The slow movement of
Brahms' Third Symphony is one of the most
important standard solos
that we have to play.
It's a good solo to demonstrate your
singing quality and it's actually very
good because for most of the part we
are actually in a semi-good register.
Why I call it semi-good is
because we play a lot of notes
that are in the clarion register,
the singing register of the clarinet.
But there is the little trick that
we have a lot of going back and
forth with the throat tones.
Now the thing that makes this tricky is
because the throat tones tend to be notes
that are usually a little bit less stable.
And in terms of intonation,
we have much more ability to change them.
And therefore, we have to try to find
fingerings that are actually very steady,
and then we can maintain the evenness.
Now, I would suggest to try
to get a fingering that is
consistent throughout the whole solo.
So that way we can get a very good sound,
and then we're not ever guessing.
And that way we are always knowing
where we're coming and going.
Now, when I talk about coming and
going is that there are some
times where one of the notes
that we play constantly
will be having to be played actually
a little bit softer in color.
I am talking about the throat A.
It has to be, depending on where
we're going, it has to be soft.
If we're going from that A to a long B or
from the long B to the A,
we have to try to get a color
that is actually very veiled and
smooth to actually match those notes.
One of the fingerings that I
have found that is good because
you can play it softly and
round or brilliant,
is the throat A vented with two three and
the C key, this one.
So that way it is actually clear but
warm and then when
we back off from the sound, from the air,
then it can be a little bit more velvety.
So at the end we can match the long Bs.
So let me just try to show you this.
The way to find the fingering for this is,
forget about what I'm saying necessarily,
this is one that worked for me and
my clarinet and perhaps for many of you.
But the important thing is the fingerings
that we will find that will work best
are the ones that work best for
you, the way you blow and
the way that your clarinet works.
So this is one of those things that we
have to be thinking what comes first,
the chicken or the egg?
The fingering or the music making?
The music making.
It's not a trick.
So that we always go for the music making.
That is making the note as we want to hear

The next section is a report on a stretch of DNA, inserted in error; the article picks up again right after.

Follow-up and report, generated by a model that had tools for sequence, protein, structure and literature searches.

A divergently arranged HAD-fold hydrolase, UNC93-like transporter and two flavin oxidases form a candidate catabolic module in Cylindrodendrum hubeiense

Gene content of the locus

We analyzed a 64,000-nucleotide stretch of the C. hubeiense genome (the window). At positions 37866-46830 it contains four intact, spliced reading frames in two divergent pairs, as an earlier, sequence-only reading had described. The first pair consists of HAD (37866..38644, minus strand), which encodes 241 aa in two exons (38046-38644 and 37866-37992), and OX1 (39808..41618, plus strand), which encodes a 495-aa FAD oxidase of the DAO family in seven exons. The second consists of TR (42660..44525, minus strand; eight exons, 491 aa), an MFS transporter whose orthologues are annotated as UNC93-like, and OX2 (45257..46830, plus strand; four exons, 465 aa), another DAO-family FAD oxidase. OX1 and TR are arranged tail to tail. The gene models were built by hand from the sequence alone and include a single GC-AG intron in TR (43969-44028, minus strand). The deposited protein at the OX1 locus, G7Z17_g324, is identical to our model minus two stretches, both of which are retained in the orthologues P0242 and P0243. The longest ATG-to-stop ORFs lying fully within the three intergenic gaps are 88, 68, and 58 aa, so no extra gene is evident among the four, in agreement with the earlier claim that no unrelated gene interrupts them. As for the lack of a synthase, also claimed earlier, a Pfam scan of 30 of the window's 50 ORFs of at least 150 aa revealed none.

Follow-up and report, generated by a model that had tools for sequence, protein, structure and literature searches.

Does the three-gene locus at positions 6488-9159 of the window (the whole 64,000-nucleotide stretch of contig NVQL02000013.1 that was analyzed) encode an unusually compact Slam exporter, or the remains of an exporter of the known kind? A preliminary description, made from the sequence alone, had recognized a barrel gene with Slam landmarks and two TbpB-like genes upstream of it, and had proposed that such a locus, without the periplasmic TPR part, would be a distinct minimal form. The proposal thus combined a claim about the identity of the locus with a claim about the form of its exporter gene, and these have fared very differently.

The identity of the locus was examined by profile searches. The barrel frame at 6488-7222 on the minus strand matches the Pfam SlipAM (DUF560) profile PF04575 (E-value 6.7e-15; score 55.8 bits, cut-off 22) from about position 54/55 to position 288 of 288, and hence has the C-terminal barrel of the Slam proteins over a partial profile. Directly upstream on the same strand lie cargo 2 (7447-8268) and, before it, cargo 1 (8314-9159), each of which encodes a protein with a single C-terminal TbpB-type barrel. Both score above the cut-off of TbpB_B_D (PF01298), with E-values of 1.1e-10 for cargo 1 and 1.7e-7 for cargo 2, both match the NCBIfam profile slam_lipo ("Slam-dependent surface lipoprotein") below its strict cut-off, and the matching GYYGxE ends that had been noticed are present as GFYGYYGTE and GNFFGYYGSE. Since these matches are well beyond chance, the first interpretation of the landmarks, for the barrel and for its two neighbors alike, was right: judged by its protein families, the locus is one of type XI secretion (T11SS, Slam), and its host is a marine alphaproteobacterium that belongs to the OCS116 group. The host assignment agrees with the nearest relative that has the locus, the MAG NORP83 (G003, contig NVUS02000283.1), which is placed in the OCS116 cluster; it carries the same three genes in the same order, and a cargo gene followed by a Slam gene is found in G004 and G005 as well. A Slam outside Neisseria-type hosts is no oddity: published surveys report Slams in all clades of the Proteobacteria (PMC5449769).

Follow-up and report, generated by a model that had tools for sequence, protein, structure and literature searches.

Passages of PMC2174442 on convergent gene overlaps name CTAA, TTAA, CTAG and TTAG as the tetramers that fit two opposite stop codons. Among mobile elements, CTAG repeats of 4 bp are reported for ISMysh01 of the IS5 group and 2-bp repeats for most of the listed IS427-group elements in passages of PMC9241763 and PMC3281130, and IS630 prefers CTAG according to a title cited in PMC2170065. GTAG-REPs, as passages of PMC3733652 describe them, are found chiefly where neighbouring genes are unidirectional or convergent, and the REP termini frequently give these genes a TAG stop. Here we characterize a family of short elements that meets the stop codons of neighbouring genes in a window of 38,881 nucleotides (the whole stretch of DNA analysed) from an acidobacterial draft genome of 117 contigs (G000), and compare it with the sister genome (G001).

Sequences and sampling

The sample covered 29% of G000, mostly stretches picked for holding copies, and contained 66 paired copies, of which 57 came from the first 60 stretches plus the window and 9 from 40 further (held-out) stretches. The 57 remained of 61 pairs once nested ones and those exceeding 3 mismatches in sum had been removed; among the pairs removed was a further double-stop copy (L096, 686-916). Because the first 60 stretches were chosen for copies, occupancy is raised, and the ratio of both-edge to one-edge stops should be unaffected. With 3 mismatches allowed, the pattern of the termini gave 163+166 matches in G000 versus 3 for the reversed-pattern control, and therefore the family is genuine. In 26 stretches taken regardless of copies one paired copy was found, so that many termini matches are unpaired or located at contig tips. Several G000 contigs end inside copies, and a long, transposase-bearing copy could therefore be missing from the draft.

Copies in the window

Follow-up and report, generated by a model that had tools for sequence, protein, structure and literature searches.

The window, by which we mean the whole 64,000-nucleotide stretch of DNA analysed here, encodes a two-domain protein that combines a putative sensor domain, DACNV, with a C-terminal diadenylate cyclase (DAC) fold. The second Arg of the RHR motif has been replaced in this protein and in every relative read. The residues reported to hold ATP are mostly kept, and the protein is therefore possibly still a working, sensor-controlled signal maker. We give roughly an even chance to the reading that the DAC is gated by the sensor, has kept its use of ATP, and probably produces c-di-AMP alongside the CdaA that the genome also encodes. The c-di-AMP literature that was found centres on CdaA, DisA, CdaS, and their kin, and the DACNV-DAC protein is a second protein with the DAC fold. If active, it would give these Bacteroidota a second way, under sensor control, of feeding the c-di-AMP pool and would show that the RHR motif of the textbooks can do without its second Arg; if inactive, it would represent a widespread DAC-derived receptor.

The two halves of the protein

it coming from the previous notes, and
then we'll try to find a fingering that
matches the musicality necessary for
Okay, so at the beginning,
since we're playing a lot of long Bs,
we have to try to found a throat A that
matches in roundness the long B.
So we have to start with the long B.
So you see, for
my instrument I have several that work but
some people are not so lucky, okay?
But the thing is a lot of times you
have to get used to voicing it.
Because you see, even if I play it plain,
without any extra fingering,
I have to work on the air distribution so
that then it matches, okay?
I use the first one as fingering because
it's definitely a little bit better and
more secure, okay.
So, always in this one,
even though there's a lot of little
nuances to be dealt with the fingerings,
I would recommend for
you to forget about it as much as
possible in the practice room first,
so then you can sing, okay.
Make it all about expression, and then
once you get it in your heart and you can
sort of hear how you want the sound to go,
then we start looking for the fingerings.
But if we're always thinking
this fingering, that,
we always get,
the invisible walls come in, caving in,
and then we never have
an opportunity to sound singing.
If you'd like to submit this Brahms
excerpt, here's what I'm looking for.
Super singing sound, very smooth,
clarity of intonation, and
very nice in between the notes.
Before you submit your video, be sure to
watch the other video exchanges from this
see what I have told the other students.
Once you have done that,
send me your video, I'll take a look and
give you some feedback.